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Two ex-UMNO leaders tell us how their beloved party has changed

Let’s establish this before we start. UMNO isn’t doing very well right now. Losing the popular vote in the last GE was one thing but this whole 1MDB thing has just raised so many questions about 1MDB. Heck, 8 out of 10 Twitter users are discontented with Najib in some way. Let’s see what you guys think.

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We’re guessing most of you would vote either option 1 or 2 – and it’s not just English speaking people either. Even people within UMNO are saying that it’s no longer what it used to be.

But WHAT exactly did it use to be? As in what were BN and UMNO like back in the day when it still was THE leading party/coalition of Malaysia? What were they like during the times of Tunku Abdul Rahman, Tun Abdul Razak, Tun Hussein Onn, and even Tun Dr Mahathir?

So here’s our story. We had to opportunity to speak to 2 people about this. In our title, we described them as ex-leaders. More specifically former Supreme Council members. Very quickly, the UMNO Supreme Council comprises about 50 people (including president, so our PM is in it also). They basically run UMNO but you can read more about them and their tasks here. But yea, these 2 guys we spoke to were, in other words, former top members of UMNO la.


Tan Sri Abdul Kadir bin Sheikh Fadzir. Photo credit to

The first one is former UMNO Supreme Council Member, Malaysia’s longest-serving Tourism Minister and current president of Parti Ikatan Bangsa MalaysiaTan Sri Kadir Syeikh Fadzir. (We’ve written about this party before too! Click here to read.)

Seriously, this guy was part of UMNO since 1955. Thus, for the sake of context, when he refers to UMNO back in the good ol’ days, he is actually referring all the way back to before Merdeka. Over the years of his service, he held various positions in BN before leaving UMNO in 2012.  He tells everyone why in the video below.


Dato’ Saifuddin Abdullah. Photo credit to The Malay Mail Online.

The second one is also a former UMNO supreme council member and former deputy minister for higher education and currently CEO of Global Movement of Moderates Foundation, Dato’ Saifuddin Abdullah. He is still a member of UMNO and The Malay Mail Online has described him as the poster boy for moderation. He was even there, marching with CILISOS and 400 other people at the #AtTheEdge rally last week!

Some of you are already wondering, if he is as moderate is he is, why is he still with UMNO? Well, we’ll talk about it as we go along la. Also for the sake of context, in his interviews with us, he talks about UMNO as the good ol’ days back to 1970-1980.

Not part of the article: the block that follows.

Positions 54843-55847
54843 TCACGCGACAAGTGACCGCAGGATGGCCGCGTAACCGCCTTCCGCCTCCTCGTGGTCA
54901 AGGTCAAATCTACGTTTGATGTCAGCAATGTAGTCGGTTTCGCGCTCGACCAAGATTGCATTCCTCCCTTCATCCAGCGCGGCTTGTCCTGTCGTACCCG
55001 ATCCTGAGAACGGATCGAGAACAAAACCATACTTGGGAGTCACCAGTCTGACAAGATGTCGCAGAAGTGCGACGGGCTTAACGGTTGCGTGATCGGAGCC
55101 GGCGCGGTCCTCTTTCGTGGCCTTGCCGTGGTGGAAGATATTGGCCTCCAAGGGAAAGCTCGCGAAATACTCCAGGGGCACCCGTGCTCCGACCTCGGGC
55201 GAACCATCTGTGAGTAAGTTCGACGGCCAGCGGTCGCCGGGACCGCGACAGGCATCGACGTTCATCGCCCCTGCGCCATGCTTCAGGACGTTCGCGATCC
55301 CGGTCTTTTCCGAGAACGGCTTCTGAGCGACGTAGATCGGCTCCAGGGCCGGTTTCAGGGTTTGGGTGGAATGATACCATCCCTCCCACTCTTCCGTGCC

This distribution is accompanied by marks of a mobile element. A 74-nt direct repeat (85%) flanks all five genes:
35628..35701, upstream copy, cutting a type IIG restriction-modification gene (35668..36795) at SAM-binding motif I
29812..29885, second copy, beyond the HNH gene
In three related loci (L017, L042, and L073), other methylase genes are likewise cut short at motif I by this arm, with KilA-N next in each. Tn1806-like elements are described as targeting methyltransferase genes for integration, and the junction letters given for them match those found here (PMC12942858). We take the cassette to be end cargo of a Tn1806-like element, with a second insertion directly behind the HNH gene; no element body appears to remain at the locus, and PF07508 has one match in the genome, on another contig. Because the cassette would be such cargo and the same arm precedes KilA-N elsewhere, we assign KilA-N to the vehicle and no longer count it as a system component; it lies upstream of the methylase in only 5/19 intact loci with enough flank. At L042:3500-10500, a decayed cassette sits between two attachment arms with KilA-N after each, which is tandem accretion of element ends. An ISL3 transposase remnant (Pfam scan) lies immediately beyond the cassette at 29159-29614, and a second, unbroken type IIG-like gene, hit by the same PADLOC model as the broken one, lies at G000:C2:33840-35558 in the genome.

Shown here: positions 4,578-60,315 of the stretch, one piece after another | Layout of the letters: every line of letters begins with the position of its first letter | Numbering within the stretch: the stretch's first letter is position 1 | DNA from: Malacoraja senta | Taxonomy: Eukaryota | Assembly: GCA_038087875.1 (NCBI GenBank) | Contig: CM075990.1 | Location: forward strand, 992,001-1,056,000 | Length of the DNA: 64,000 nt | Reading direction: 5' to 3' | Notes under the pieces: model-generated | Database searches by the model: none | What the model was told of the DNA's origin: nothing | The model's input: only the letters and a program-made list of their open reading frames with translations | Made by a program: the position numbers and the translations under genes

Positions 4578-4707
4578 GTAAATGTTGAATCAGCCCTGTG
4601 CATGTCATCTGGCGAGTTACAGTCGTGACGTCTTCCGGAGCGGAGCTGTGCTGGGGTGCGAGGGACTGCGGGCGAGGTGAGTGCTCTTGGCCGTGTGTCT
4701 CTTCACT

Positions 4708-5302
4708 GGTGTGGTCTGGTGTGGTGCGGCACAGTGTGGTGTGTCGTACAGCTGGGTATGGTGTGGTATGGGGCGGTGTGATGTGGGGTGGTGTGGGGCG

at the edge saifuddin

Here he is #AtTheEdge!

But the point here isn’t the two of these people but rather UMNO itself. So let’s talk about the 4 things that UMNO used to be, according to these two ex-supreme council members.


1. UMNO was something people believed in, so much so that they auto-win elections

We’re not kidding anyone here la. Parti Perikatan (before it was rebranded as BN) would not have been the same without UMNO.

As we all learned in Sejarah, UMNO was part of the trio that included MCA and MIC. They bergabung kuasa menjadi Parti Perikatan (and later, BN) and they worked together to give us independence.  No easy feat, most definitely. Parti Perikatan was instrumental to the country’s independence and the development of a very young Malaysia.


Parti Perikatan’s logo. Before it became BN’s dacing. I guess you could say that that ship has sailed right??  From

In our conversation with Tan Sri Kadir, he told us that this was what people once said about UMNO.

“Even if they put a tongkol kayu to run for elections, people would still vote for UMNO.” – Tan Sri Kadir Syeikh Fadzir

In other words, UMNO was the people’s choice.

And on the other hand, Dato’ Saifuddin said that UMNO was seen as a party that always berjuang.

“The public perception of UMNO is that it is political party that busied itself with perjuangan.” – Dato’ Saifuddin Abdullah

So we can say that people had a prettyyyy darn good perception about UMNO la. But what is more interesting is their reasons for why people liked UMNO.


2. UMNO was once a place to serve


Tunku Abdul Rahman during the times of the formation of Malaysia. Taken from

UMNO was the party that berjuang. By this Dato’ Saifuddin said that he meant service. UMNO was about service. 

“UMNO was about service. They work for us (rakyat).” – Dato’ Saifuddin

Yea, that concept sounds almost foreign to us but hear him out.

He used his late grandmother as an illustration of this service. His grandmother was a very active UMNO activist but was never concerned about politics.

“To the best of my memory, I don’t think she ever spoke to me about UMNO politics. All she was concerned about was to berjuang. That was her favourite word. You have to berjuang, you have to take care of our people, you have to sacrifice.